System.out.println("Filtered values " + values);
}

In the code see this line IMyFunc im = n -> n > 5; it explains what I already stated above, In the simple terms we can say that lambda expression is an object that can be used where ever the reference of functional interface is required.

Block lambda as an argument

We can also have a lambda block which is passed as an argument.
Let us see an example where there is a functional interface that takes string as parameter and returns int.

interface IMyFunc {
    int func(String n);
}

public class LambdaDemo {
    // A utility method to call the functional interface method
    static int utilMeth(IMyFunc myFunc, String str) {
        return myFunc.func(str);
    }
    
    public static void main(String args[])
    {
        String inStr = "Lambdas are a new addition to Java";
        // calling the utilMeth method with 2 params, 
        // first param is a lambda expression
        int count = utilMeth((str) -> {
            int c = 0;
            char ch[]= new char[str.length()];
            for(int i = 0; i < str.length(); i++){
                ch[i] = str.charAt(i);
                if(((i > 0) && (ch[i] != ' ') && (ch[i-1] == ' ')) || 
                  ((ch[0] != ' ') && (i == 0)))
                    c++;
            }
            return c;
        }, inStr);
        System.out.println("The word count is " + count);
    }
}

Here it can be seen that in utilMeth() method first parameter is a lambda block.

Passing a lambda bock like this may decrease the readability of the code and an overly long lambda block may make it very unwieldy. In that case it is advisable to assign the lambda block to a functional interface reference and then pass that reference to the method.

interface IMyFunc {
    int func(String n);
}

public class LambdaDemo {
    // A utility method to call the functional interface method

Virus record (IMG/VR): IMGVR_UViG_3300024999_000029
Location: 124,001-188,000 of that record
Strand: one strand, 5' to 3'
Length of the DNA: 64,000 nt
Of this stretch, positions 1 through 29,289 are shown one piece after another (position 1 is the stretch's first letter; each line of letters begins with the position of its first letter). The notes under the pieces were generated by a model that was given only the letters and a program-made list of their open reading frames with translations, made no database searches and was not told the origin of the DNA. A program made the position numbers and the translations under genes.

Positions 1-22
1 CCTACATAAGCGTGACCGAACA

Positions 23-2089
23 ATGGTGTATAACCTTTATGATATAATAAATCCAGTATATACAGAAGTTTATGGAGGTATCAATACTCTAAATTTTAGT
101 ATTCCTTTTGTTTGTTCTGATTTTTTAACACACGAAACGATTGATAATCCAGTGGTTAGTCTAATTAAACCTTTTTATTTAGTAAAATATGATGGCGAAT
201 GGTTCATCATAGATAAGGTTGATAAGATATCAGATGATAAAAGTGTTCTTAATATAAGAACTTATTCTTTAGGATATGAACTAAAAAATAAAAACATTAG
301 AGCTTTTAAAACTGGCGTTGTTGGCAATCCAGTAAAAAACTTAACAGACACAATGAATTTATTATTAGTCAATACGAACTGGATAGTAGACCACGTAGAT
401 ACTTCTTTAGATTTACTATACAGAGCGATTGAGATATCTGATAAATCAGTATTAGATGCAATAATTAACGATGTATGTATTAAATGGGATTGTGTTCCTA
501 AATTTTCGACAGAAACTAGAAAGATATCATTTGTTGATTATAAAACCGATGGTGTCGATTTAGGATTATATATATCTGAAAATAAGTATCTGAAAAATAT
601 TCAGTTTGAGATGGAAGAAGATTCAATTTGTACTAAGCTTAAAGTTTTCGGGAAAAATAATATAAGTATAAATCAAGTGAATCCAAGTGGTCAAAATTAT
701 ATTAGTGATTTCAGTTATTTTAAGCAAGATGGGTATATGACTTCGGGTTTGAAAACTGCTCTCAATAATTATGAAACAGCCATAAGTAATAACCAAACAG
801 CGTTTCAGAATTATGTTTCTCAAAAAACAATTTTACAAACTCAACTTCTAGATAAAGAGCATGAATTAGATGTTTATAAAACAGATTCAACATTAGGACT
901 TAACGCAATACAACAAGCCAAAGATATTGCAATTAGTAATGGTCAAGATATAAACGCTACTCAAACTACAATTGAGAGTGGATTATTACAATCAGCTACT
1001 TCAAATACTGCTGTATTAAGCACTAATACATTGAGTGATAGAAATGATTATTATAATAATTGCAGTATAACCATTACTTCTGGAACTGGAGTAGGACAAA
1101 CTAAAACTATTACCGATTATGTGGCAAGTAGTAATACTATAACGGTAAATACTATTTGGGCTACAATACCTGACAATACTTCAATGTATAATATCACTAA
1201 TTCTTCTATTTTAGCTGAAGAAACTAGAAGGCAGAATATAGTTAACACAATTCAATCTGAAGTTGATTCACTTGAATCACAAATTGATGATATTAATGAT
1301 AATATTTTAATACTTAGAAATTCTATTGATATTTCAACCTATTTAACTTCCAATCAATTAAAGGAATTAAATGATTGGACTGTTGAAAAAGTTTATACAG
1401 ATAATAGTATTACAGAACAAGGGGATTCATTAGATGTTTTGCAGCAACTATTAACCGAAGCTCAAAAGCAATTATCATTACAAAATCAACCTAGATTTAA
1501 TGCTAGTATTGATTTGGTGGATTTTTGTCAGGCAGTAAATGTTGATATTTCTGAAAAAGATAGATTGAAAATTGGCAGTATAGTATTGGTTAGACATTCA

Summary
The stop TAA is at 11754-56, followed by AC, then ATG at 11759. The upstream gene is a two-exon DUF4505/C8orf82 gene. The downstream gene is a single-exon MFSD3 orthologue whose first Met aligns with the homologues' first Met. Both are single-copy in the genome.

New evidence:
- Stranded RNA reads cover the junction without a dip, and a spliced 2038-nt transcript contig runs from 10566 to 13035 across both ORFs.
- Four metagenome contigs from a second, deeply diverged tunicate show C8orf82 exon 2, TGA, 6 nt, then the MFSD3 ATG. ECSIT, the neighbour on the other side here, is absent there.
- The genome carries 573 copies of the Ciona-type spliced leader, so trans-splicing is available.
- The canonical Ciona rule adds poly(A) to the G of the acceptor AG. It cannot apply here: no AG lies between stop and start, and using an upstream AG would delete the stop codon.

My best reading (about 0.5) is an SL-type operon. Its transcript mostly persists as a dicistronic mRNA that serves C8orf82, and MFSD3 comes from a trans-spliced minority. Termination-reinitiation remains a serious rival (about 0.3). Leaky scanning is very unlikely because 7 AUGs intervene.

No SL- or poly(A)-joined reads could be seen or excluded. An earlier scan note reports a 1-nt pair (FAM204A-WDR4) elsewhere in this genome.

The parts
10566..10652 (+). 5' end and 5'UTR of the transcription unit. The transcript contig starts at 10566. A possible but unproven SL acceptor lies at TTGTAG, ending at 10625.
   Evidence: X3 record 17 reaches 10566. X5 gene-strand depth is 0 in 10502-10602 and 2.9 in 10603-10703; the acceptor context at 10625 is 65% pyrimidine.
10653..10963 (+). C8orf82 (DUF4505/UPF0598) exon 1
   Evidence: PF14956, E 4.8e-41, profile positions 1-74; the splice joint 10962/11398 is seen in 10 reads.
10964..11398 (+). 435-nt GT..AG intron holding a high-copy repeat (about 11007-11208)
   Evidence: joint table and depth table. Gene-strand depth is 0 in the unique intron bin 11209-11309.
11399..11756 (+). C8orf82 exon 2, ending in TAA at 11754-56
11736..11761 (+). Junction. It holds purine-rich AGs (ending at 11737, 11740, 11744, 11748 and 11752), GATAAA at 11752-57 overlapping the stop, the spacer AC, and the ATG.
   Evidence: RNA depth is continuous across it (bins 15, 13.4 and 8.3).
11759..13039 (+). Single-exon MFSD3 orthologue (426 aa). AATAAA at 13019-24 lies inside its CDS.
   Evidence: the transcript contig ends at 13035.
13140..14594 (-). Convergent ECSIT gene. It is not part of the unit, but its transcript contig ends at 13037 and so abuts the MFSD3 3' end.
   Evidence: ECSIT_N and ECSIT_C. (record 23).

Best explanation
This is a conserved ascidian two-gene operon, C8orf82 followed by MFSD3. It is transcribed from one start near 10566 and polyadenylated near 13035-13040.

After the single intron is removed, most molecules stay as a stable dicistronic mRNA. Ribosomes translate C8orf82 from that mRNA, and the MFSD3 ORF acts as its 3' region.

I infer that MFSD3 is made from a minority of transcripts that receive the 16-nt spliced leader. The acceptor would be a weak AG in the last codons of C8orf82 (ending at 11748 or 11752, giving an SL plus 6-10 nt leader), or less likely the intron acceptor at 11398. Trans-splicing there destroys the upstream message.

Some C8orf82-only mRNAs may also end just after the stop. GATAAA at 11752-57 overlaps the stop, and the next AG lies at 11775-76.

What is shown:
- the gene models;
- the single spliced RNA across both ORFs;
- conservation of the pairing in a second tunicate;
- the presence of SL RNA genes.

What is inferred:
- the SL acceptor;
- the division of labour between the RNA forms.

static int utilMeth(IMyFunc myFunc, String str) {
        return myFunc.func(str);
    }
    
    public static void main(String args[])
    {
        String inStr = "Lambdas are a new addition to Java";
        // lamda block assigned to a functional interface reference
        IMyFunc myFunc = (str) -> {
            int c = 0;
            char ch[]= new char[str.length()];
            for(int i = 0; i < str.length(); i++){
                ch[i] = str.charAt(i);
                if(((i > 0) && (ch[i] != ' ') && (ch[i-1] == ' ')) || 
                  ((ch[0] != ' ') && (i == 0)))
                    c++;
            }
            return c;
        };
        // calling the utilMeth method with that functional interface 
        // variable that holds the lambda expression
        int count = utilMeth(myFunc, inStr);
        System.out.println("The word count is " + count);
    }
}

It can be seen that lambda block is assigned to the functional interface reference and then that reference is passed.

That's all for this topic Lambda expression as method parameter. If you have any doubt or any suggestions to make please drop a comment. Thanks!


Related Topics

  1. Overview of lambda expressions
  2. Functional interfaces & lambda expression
  3. Lambda expression and exception handling
  4. Lambda expression and variable scope
  5. Functional interface annotation in Java 8
  6. Method reference in Java 8
  7. Lambda expression examples in Java 8